One of Greece’s top constitutional law professors, who played a pivotal role in forging the coalition of centre-left and centre right parties that comprise the Movement for Change, has now undertaken to promote a series of long discussed constitutional amendments.

In an interview with this weekend’s edition of Ta Nea, Alivizatos explains how he helped hammer out the positions of the Movement for Change, one of which is to allow amendments to be passed swiftly with an enhanced majority, rather than having to wait for the dissolution of parliament so that a future parliament can vote on whether to approve the amendment of articles that had already been selected by the previous parliament.

Among the limited but crucial articles that Alivizatos and his party want to amend is the article that opened the way for a law – the notorious law on ministerial responsibility – that provides an extremely brief statute of limitations on crimes committed by a minister while in office, which are connected with his portfolio.

The law has been denounced by almost all parties but has never been changed, as it essentially lets off the hook ministers who have taken bribes or engaged in other breaches of trust.

One of the outrageous provisions in the law is that it forces the judiciary to send a case file to parliament when the name of a minister pops up, so that the minister’s colleagues will decide if he or she will be prosecuted, before sending the case back to the judiciary.

Other key articles that the law professor believes should be given priority in a constitutional revision are provisions regarding parliamentary immunity, the manner of appointment of high court judges and of presidents of independent authorities, and changing the manner of election of the president of the republic, so that parliament need not be dissolved if the requisite enhanced majorities are not secured.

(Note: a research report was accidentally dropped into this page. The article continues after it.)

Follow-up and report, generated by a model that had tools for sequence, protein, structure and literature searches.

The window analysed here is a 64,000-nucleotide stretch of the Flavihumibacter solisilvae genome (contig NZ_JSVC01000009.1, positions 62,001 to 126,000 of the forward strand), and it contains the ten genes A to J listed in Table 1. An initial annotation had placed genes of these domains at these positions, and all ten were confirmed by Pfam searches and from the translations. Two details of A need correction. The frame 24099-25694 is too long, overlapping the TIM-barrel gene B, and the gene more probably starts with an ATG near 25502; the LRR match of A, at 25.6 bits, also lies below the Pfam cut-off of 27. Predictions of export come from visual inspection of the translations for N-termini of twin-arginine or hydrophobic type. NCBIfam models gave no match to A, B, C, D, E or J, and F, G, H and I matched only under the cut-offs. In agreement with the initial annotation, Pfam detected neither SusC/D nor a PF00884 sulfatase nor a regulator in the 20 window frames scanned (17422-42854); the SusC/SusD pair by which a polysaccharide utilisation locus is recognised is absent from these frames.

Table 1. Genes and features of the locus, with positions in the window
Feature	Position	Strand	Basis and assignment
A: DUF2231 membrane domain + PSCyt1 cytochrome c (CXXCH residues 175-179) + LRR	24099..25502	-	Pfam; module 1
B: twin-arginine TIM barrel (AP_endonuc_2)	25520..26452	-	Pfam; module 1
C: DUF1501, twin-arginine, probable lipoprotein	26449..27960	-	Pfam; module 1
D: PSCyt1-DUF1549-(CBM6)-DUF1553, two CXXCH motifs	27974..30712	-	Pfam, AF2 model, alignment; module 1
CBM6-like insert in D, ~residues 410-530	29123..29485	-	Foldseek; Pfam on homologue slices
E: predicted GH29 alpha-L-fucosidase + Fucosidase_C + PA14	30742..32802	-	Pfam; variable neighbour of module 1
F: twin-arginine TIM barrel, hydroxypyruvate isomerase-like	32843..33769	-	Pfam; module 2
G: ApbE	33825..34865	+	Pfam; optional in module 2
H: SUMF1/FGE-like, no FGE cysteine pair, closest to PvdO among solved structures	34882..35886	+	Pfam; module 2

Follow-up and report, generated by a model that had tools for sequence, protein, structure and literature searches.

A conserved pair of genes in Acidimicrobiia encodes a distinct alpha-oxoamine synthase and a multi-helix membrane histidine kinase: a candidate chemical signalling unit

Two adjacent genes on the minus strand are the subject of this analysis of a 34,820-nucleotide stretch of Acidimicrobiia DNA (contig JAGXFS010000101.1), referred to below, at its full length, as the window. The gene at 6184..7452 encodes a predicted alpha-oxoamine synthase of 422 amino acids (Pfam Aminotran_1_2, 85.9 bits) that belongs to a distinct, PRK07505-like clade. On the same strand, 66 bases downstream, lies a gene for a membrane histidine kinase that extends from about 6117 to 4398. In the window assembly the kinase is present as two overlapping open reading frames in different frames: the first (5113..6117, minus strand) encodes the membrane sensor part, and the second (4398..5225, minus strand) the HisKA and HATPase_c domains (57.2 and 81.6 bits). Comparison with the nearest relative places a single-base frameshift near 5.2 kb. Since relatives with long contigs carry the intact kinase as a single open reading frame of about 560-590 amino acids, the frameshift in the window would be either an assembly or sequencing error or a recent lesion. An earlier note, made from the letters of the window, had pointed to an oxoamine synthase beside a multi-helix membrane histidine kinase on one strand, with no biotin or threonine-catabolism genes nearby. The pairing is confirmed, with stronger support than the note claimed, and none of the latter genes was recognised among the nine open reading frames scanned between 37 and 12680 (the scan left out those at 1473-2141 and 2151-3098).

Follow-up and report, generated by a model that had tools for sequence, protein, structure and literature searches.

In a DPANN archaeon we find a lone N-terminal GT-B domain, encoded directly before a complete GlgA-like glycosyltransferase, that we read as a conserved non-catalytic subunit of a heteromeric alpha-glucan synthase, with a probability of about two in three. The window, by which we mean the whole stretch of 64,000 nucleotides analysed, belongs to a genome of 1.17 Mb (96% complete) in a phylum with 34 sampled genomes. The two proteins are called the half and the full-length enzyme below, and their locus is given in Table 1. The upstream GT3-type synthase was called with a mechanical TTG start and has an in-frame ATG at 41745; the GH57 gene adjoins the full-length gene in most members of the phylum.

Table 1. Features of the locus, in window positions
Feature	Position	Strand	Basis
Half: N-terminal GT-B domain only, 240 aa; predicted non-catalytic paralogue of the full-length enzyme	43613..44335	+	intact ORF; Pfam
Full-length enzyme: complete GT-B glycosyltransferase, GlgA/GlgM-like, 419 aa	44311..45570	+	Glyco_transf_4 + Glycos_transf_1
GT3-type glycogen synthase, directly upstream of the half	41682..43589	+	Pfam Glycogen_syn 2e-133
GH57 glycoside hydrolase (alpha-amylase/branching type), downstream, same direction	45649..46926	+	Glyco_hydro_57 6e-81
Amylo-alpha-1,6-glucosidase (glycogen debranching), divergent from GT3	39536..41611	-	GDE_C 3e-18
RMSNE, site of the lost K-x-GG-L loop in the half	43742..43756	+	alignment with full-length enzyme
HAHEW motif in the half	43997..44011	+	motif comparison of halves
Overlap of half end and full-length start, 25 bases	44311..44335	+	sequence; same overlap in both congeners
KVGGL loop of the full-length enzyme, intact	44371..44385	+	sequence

On the matter of the prosecution of ministers, Alivizatos underlines that in other European countries this is the task of a judicial organ (prosecutors and regular judges in France).

But in Greece, he maintains, parties want to preserve parliamentary authority over the prosecution of ministers as a political “nuclear bomb”, which can annihilate their enemies, or at least ensure mutually assured destruction.

As for the selection of high court justices, Alivizatos says they should be chosen from a list. They are now appointed by the governmental cabinet, with no restrictions.

The “mini amendment” of the constitution that Alivizatos and his party are advocating must be proposed by at least 50 MPs. The Movement for Change combined with New Democracy would have the votes, but Alivizatos thinks it will also be difficult for SYRIZA to say no to some of the obvious amendments that citizens have supported for years.